The pelvic elevator exercise is good for practising the action of centring. You can do it in any position. I suggest that you start by lying on your back and progress to kneeling on all fours. It is available as an MP3 on my downloads page.
If you specifically want to work on your pelvic floor, the NHS website has a page with some pelvic floor exercises. The NHS has also developed apps for women and men to get reminders and help with doing pelvic floor exercises.
There are gadgets available to women to help (see this previous post).
To find out more, I suggest that you do an online search for #pelvicfloor (women), #nutstoguts (men).
Joseph Pilates was passionate about the benefits of learning how to breathe efficiently. He said:
“Before any real benefit can be derived from physical exercises, one must first learn how to breathe properly. Our very life depends on it.”
Breathing for Pilates
In Pilates, breathing is one of our basic principles. We practise lateral or thoracic breathing. This is to encourage the expansion of the lower ribs into the sides and into the back. The breathing patterns specified for each exercise are to facilitate movement and aid stability. Effective use of the breath can also help the mind to relax, focus and recharge.
Breathing to Relieve Back Pain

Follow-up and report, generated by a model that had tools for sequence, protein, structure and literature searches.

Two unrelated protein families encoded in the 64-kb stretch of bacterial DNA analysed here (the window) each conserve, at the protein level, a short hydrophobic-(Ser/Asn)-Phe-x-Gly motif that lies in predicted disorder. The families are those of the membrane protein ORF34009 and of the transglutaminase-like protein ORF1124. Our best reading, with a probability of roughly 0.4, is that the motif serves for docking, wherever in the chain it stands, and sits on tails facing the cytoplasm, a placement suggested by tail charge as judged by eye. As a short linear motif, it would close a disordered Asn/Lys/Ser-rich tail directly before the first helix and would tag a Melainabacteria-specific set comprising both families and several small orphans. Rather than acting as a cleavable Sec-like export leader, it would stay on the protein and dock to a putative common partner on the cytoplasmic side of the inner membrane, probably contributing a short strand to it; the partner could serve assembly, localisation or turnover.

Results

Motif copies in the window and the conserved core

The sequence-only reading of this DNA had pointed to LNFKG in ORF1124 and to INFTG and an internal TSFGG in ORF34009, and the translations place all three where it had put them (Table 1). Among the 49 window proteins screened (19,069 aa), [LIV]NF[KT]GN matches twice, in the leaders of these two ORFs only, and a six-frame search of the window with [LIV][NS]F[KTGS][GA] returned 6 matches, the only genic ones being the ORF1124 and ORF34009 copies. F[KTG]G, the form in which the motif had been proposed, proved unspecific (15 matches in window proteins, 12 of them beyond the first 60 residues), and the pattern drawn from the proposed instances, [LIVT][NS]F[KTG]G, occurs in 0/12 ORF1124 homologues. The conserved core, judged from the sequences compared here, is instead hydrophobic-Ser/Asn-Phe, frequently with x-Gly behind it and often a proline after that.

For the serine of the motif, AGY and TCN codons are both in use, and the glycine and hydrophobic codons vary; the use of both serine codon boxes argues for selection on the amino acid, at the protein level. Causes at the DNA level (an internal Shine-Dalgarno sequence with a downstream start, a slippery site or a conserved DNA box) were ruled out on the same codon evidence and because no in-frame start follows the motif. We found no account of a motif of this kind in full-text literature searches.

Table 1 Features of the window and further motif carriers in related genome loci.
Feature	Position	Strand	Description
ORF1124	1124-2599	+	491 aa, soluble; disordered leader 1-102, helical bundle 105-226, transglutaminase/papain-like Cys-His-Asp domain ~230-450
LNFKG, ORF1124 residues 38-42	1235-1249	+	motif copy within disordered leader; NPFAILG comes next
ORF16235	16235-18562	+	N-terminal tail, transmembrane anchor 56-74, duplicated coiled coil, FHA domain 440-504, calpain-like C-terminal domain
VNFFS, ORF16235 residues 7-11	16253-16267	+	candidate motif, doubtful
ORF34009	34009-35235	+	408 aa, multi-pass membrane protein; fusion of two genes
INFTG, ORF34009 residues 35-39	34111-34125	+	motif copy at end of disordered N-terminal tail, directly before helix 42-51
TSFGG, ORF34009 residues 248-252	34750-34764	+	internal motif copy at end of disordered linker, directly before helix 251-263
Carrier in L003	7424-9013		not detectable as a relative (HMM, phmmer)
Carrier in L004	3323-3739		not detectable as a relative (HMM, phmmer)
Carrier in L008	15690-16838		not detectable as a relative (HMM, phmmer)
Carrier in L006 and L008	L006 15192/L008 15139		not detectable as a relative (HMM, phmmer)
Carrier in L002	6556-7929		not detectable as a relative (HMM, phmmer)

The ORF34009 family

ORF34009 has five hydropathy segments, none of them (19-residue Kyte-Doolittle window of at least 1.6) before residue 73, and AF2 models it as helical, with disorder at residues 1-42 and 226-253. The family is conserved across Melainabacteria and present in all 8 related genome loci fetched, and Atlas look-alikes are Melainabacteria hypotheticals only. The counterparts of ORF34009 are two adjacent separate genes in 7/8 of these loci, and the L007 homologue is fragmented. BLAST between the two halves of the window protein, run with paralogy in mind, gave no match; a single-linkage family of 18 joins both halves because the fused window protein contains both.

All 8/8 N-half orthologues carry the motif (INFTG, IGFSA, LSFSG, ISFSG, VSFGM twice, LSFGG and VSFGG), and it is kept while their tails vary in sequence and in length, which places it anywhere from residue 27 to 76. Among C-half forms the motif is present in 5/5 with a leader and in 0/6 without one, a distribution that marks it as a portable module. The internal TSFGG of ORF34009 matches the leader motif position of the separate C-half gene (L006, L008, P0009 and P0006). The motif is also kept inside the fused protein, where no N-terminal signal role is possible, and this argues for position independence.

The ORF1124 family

With persistent back pain, muscles often feel tense and tight. A breathing exercise, such as breathing in for a count of 7 and out for a count of 11, can calm the nervous system so as to relax tense muscles and prevent sudden spasms of back pain.
Breathing for Insomnia
If you suffer from poor sleep, a deep breathing trick can help. A US expert recommends the 4-7-8 method to help you relax and fall asleep. The trick is breathing in for four counts, holding for seven seconds, then exhale completely for eight counts. Repeat these steps two and four times. Read more in this breathing trick can induce sleep article from The Telegraph.
Update to post first published 25th April 2017
The first basic principle is alignment, which refers to bringing your body into its ideal posture, where your joints are in their optimal position in relation to each other and your muscles are doing the minimum amount of work to hold them there.
Without good alignment, you risk extra wear and tear on your joints and extra aches in your muscles which may tire from overuse or become weak from lack of use.
When performing our Pilates exercises, we focus on starting in and then holding good form as we move, so as to reinforce the correct alignment of our joints and retrain our muscles to maintain that alignment.
…results in perfect posture when sitting, standing or walking…Joseph Pilates
Different Pilates schools have different sets of guiding principles. Joseph Pilates himself used six. I prefer to start with these three, which are easy as easy to remember as ABC, they are:
Joseph Pilates used six:
- Flowing Movements
He did not mention alignment, but I like to think this is covered within the principle of precision. The instructions in his book Return to Life through Contrology are certainly precise, as are his directions that they are to be followed faithfully to acquire physical fitness.
…exercises that produce a harmonious structure we term physical fitness reflecting itself in a coordinated and balanced tri-part unity of mind, body and spirit.Joseph Pilates
I certainly agree that it is critical to perform Pilates exercises with correct technique in order to gain the benefits of doing them.